KPMG New Zealand – Auckland
2 December 2004
Fraud a serious issue for New Zealand organisations
KPMG today released the New Zealand statistics from its Australasian fraud survey
New Zealand organisations lost in excess of $34 million to fraud during the period April 2002 to March 2004, according
to KPMG’s 2004 Fraud Survey, with 56 percent of the New Zealand organisations surveyed reported having experienced a
Adjusting for outlying reports, New Zealand organisations who reported a fraud suffered an average loss of $809,000.
The New Zealand fraud statistics are part of the Australia and New Zealand Fraud survey statistics released by KPMG in
early November 2004.
Mark Leishman, Associate Director with the New Zealand KPMG forensic practice, said the results clearly show that fraud
is an issue for New Zealand organisations. “Even though the results for New Zealand show a lower than average loss per
New Zealand organisation when compared to the overall reported average loss of $2.1 million, the number of New Zealand
organisations which experienced a fraud was higher than the overall survey average of 45 percent,” he said.
Although external parties accounted for a large amount of the frauds on New Zealand organisations, both in terms of
numbers committed and dollar amounts defrauded, the single biggest frauds were committed by people internal to the
organisation. This meant the profile of the typical fraudster for New Zealand was consistent with the overall fraud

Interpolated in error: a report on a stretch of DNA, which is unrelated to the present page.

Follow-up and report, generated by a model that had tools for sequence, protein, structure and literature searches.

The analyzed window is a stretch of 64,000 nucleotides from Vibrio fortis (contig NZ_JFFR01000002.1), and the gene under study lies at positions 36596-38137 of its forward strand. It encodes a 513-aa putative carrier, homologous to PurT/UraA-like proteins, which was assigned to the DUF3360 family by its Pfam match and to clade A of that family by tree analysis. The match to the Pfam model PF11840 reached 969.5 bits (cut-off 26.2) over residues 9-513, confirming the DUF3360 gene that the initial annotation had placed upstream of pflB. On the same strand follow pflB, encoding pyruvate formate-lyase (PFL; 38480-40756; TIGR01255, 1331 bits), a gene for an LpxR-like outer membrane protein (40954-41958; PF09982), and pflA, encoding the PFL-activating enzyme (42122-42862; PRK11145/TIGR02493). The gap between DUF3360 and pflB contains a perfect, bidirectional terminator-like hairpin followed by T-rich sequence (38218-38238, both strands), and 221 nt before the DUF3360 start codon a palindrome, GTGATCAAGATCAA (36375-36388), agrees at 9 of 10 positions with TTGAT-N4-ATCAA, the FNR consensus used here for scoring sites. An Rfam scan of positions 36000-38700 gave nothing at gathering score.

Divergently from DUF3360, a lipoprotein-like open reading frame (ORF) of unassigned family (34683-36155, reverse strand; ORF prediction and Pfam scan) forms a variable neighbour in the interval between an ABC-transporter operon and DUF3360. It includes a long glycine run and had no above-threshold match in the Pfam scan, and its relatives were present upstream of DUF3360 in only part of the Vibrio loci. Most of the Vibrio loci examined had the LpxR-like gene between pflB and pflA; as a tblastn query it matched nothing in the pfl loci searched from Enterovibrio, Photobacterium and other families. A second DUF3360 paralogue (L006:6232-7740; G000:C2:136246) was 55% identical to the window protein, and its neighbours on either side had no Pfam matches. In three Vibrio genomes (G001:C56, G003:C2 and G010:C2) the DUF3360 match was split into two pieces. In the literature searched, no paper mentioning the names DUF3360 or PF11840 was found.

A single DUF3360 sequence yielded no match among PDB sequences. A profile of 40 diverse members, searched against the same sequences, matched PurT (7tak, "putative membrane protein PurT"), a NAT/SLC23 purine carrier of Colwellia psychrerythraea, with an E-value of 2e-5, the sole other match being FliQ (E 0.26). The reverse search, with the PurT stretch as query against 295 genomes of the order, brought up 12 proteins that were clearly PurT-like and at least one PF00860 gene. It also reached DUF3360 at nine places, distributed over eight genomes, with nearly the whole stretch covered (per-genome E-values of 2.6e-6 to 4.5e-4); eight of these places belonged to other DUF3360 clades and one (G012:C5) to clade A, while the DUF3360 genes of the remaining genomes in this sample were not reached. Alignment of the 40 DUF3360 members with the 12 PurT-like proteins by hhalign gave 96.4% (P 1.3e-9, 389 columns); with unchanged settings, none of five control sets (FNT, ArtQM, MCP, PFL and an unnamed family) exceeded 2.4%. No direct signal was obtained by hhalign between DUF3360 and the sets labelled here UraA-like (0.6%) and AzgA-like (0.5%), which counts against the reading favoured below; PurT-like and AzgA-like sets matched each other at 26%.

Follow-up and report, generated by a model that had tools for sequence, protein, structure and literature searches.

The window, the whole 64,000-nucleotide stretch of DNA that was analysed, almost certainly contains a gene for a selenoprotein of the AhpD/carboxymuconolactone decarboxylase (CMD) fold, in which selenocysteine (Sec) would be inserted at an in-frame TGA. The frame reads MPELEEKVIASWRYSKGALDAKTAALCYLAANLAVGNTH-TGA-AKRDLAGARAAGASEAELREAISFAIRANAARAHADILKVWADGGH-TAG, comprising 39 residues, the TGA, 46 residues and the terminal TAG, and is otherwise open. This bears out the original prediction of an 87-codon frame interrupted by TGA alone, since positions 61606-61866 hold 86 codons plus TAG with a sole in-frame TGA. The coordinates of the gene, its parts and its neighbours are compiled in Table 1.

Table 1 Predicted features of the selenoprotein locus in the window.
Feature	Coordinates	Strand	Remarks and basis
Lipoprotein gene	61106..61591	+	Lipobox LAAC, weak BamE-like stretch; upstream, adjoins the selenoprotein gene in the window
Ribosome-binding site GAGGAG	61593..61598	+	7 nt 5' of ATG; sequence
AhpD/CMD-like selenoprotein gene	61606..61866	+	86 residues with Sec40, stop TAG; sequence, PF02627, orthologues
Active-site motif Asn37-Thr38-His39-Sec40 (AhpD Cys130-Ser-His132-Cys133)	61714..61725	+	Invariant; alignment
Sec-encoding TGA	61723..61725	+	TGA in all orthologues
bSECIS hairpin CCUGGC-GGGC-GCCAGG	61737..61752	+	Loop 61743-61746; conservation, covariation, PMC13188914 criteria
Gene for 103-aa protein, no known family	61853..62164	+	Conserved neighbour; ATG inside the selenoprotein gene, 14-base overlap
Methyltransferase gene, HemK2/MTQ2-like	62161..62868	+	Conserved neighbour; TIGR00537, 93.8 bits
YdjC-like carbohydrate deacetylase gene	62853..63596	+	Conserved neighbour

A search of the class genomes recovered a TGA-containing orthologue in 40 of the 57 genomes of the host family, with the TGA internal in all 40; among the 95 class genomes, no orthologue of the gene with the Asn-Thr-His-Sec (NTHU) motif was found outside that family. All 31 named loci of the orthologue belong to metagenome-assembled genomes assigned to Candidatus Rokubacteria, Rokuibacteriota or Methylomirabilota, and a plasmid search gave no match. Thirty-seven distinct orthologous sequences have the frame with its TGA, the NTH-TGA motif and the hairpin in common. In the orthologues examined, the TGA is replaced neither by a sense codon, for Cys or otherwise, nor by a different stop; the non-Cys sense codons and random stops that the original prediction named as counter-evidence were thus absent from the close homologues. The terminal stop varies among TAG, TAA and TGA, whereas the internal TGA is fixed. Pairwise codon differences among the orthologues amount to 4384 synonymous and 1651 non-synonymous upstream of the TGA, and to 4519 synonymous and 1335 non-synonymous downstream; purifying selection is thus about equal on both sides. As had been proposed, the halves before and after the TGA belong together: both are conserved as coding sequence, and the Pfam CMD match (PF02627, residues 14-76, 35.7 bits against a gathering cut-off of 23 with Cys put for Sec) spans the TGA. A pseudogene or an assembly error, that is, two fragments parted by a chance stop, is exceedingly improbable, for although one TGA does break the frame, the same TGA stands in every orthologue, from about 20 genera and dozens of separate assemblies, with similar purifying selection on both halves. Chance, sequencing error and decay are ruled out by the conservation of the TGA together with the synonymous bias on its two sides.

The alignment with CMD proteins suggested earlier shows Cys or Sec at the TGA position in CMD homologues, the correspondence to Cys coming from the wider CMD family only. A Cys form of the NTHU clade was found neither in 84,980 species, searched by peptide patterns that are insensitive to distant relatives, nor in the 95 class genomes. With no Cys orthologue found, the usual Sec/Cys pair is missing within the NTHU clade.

survey profile, being male, 33 years old from within the organisation and with no prior history of dishonesty. “New
Zealand organisations that fail to take a proactive approach to fraud control are prime targets for fraudsters –
especially given the likelihood that the perpetrator of a major fraud will come from within the organisation.” said Mr
The typical New Zealand fraudster was motivated by greed in 83 percent of cases, way above the survey average of 38
percent. Lifestyle was the next highest motivator at ten percent (survey average 18 percent)
Internal controls detected 36 percent of the New Zealand frauds and the overriding of internal controls was an important
contributing factor also in 36 percent of the reported cases. “Clearly, effective internal controls are crucial to
preventing and detecting fraud,” said Mr Leishman
About the KPMG Fraud Survey If you would like a copy of the survey emailed to you please contact Sheryl Kurte at
The findings of the Fraud Survey 2004 were derived from 491 responses received to a survey questionnaire sent in June
2004 to 2164 of Australia’s and New Zealand’s largest organisations across public and private sectors. The
questionnaire, consisting of 54 questions, sought information about fraud incidents within the respondents’ business
operations during the period April 2002 to March 2004.